Whale watching – an overwhelming experience

This is the last blog on a Canadian topic – promise!


It was equally hot in Nova Scotia as it was here in late July and early August, with Government health warnings issued that reminded people about the need for shade and water, and not over exerting. Fortunately we were never far from the coast, where there was a bit of a breeze. The only time we put on sweaters was when we went whale watching, and what an experience that was. Four humpback whales ducking and diving and waving their dorsal fins high in the air, all within feet of the comparatively tiny boat.


Two previous whale watching cruises in Iceland had only produced distant grey lumps that we were assured were Minke whales, but this time it was the real thing as the four leviathans circled the boat, raising their huge jaws out of the water and splashing the unwary onlookers. It was an unforgettable sight.


In the middle of this 20 minute display, I was suddenly struck with the thought about what might happen if a whale struck the boat as they come so close, and so whilst holding on for dear life as the boat pitched and rolled, I asked the guide. She said the adults never do, and that their guidance systems are so good that they can come very close and then suddenly slip under the boat only to re-appear feet away on the other side.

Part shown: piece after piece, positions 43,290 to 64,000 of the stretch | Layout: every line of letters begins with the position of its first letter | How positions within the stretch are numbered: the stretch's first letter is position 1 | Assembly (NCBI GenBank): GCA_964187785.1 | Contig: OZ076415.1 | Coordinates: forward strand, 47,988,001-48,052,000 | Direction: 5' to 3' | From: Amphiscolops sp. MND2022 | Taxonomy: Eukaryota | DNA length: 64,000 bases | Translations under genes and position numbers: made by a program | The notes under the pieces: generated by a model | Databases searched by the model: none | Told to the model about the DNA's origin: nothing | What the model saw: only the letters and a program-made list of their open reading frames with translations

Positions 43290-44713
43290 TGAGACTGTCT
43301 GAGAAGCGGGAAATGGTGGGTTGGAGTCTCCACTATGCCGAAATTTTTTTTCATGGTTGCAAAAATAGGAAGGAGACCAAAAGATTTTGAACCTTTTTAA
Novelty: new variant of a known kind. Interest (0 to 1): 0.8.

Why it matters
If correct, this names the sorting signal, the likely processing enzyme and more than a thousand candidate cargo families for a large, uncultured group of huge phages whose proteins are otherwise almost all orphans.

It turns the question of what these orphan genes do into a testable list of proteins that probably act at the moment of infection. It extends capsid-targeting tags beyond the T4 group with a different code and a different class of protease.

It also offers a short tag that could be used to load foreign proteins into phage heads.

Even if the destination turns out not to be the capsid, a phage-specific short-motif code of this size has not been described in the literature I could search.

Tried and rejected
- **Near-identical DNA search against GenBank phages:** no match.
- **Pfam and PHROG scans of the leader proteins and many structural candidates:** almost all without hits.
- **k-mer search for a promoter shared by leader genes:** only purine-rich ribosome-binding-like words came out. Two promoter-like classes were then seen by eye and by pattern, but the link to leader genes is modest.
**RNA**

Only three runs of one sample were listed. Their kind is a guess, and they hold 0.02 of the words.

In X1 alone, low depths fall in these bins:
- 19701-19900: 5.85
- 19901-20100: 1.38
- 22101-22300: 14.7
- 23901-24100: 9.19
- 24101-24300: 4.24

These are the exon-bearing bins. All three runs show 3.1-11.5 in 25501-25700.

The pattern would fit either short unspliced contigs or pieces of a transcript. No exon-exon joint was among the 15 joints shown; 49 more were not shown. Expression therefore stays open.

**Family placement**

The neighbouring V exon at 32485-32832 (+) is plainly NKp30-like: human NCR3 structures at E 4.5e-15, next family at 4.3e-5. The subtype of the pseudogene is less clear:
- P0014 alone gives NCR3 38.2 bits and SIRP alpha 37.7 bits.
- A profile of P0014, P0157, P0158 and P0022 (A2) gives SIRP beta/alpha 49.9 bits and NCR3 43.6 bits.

Readers, I guess that you are by now thinking ‘so where’s the safeguarding link here?’ So it’s about near misses. What hospitals sometimes call ‘should never happen’ moments, when a critical error or a major incident threatens organisational stability and pushes you off course. When the circumstances appear about to overwhelm you, and you can’t rely on any superior radar guidance system on the part of what’s coming your way to help you out by avoiding the seeming inevitable collision.


The safeguarding landscape is littered with reports about what has gone wrong in the past, resulting in the deaths of children whose names we may recall and vulnerable adults who are often more anonymous to us. For each of these there are also many less publicised learning reports about where a personal tragedy or other critical incident was averted sometimes at the last moment, when someone realised what was going on and took action. Our job as safeguarders is to be ever alert to the potentially unstoppable force that may be heading our way.



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